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Quantitative Evaluation of a Telerobotic System for Vascular Ultrasound Measurement on a Short Arm Human Centrifuge

Frett, Timo and Petrat, Guido and Arz, Michael and Leguy, Carole A.D. (2021) Quantitative Evaluation of a Telerobotic System for Vascular Ultrasound Measurement on a Short Arm Human Centrifuge. Microgravity Science and Technology, 33 (1), p. 14. Springer. doi: 10.1007/s12217-020-09850-8. ISSN 0938-0108.

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Official URL: https://doi.org/10.1007/s12217-020-09850-8


Artificial Gravity generated by Short Arm Human Centrifuges is a promising multi-system countermeasure for physiological deconditioning during long duration space flights. To allow a continuous assessment of cardiovascular hemodynamics during centrifugation, a telerobotic robotic system holding an ultrasound probe has been installed on a Short Arm Human Centrifuge. A feasibility study was conducted to define the use capabilities and limitations of such a novel method. The objective of this study is to estimate the reproducibility and precision of remotely controlled vascular ultrasound assessment under centrifugation by assessing peripheral vascular diameter and wall distension. Four repeated centrifugation runs of 5 min, with 2.4 g at feet level, were performed including a 15 min rest between each run for a group of eight healthy male volunteers. Vascular diameter and distention were assessed for the common carotid artery (CCA) and the femoral artery (FA) by ultrasound imaging using a 10 MHz linear array probe (Mylab1, Esaote). Ultrasound measurements were consecutively performed: a) by an expert user in hand-held mode in standing as well as supine position, b) using the telerobotic arm without centrifugation as baseline and c) using the telerobotic arm during centrifugation. Vascular responses were compared between baseline and under centrifugation. Inter-, intra-registration and group variability have been assessed for hand-held and remotely controlled examination. The results show that intra-registration variability, σ h , was always smaller than inter-registration variability, σ m, that is in turned smaller than the inter-subject variability σ g (σ h < σ m < σ g). Centrifugation caused no significant changes in CCA diameter but a lower carotid distension compared to manual and robotic ultrasound in supine position (p < 0.05). Femoral diameter was significantly decreased in hypergravity compared to robotic sonography without centrifugation. A good reproducibility and precision of the remotely controlled vascular ultrasound assessment under centrifugation could be demonstrated. In conclusion, arterial wall dynamics can be precisely assessed for the CCA and femoral artery during centrifugation using a telerobotic ultrasound measurement system. Potential improvements to further enhance reproducibility and safety of the system are discussed.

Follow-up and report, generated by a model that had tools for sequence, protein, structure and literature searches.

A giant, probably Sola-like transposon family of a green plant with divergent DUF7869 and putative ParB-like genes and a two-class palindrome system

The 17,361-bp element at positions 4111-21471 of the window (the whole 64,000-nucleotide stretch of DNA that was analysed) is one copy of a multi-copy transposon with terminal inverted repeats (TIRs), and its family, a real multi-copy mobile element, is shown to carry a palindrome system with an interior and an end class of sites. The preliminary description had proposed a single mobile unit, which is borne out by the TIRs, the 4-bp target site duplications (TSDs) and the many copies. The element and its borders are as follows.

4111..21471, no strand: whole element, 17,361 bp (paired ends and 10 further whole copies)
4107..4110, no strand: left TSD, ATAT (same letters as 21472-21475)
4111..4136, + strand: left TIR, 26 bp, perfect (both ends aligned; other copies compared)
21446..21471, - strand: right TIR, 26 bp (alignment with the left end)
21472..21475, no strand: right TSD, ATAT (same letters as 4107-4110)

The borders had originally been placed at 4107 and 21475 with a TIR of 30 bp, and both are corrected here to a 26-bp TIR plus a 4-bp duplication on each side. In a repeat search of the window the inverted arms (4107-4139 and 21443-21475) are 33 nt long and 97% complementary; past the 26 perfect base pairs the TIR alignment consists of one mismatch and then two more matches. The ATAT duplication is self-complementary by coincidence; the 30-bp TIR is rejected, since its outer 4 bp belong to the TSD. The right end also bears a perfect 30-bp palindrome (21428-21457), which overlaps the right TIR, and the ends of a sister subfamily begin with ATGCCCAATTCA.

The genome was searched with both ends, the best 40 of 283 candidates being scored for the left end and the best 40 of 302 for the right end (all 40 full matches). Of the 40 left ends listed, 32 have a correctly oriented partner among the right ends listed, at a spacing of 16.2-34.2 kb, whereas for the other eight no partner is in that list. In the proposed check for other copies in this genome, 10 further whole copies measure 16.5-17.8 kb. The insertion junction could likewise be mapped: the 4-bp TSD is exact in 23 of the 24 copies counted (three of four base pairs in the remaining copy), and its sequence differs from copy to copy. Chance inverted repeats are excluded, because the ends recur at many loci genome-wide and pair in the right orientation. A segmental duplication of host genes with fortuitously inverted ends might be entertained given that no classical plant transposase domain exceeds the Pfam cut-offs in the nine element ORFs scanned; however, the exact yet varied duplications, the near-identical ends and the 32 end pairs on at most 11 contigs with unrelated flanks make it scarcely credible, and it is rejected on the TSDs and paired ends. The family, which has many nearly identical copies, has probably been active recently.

Item URL in elib:https://elib.dlr.de/144021/
Document Type:Article
Title:Quantitative Evaluation of a Telerobotic System for Vascular Ultrasound Measurement on a Short Arm Human Centrifuge
AuthorsInstitution or Email of AuthorsAuthor's ORCID iDORCID Put Code
Frett, TimoUNSPECIFIEDhttps://orcid.org/0000-0002-5572-1177UNSPECIFIED
Petrat, GuidoDLR, Institut für Luft- und Raumfahrtmedizin, Abteilung BIOUNSPECIFIEDUNSPECIFIED
Arz, MichaelInstitute of Aerospace Medicine, German Aerospace Center (DLR), Linder Hoehe, Cologne, Germanyhttps://orcid.org/0000-0002-6004-5257UNSPECIFIED
Leguy, Carole A.D.Institute of Aerospace Medicine, German Aerospace Center and Institute of Measuring and Sensor Technology, Ruhr West University of Applied Science, Mülheim an der Ruhr, GermanyUNSPECIFIEDUNSPECIFIED
Date:23 January 2021
Journal or Publication Title:Microgravity Science and Technology
Refereed publication:Yes
Open Access:Yes
Gold Open Access:No
In ISI Web of Science:Yes
Page Range:p. 14
Keywords:Artificial gravity; Space physiology; Telerobotic; Ultrasound imaging; Vascular response
HGF - Research field:Aeronautics, Space and Transport
HGF - Program:Space
HGF - Program Themes:Research under Space Conditions
DLR - Research area:Raumfahrt
DLR - Program:R FR - Research under Space Conditions
DLR - Research theme (Project):R - User Centre Research under Space Conditions
Location: Köln-Porz
Institutes and Institutions:Institute of Aerospace Medicine > Gravitational Biology
Deposited By: Frett, Timo
Deposited On:21 Sep 2021 14:01
Last Modified:28 Jun 2023 13:03

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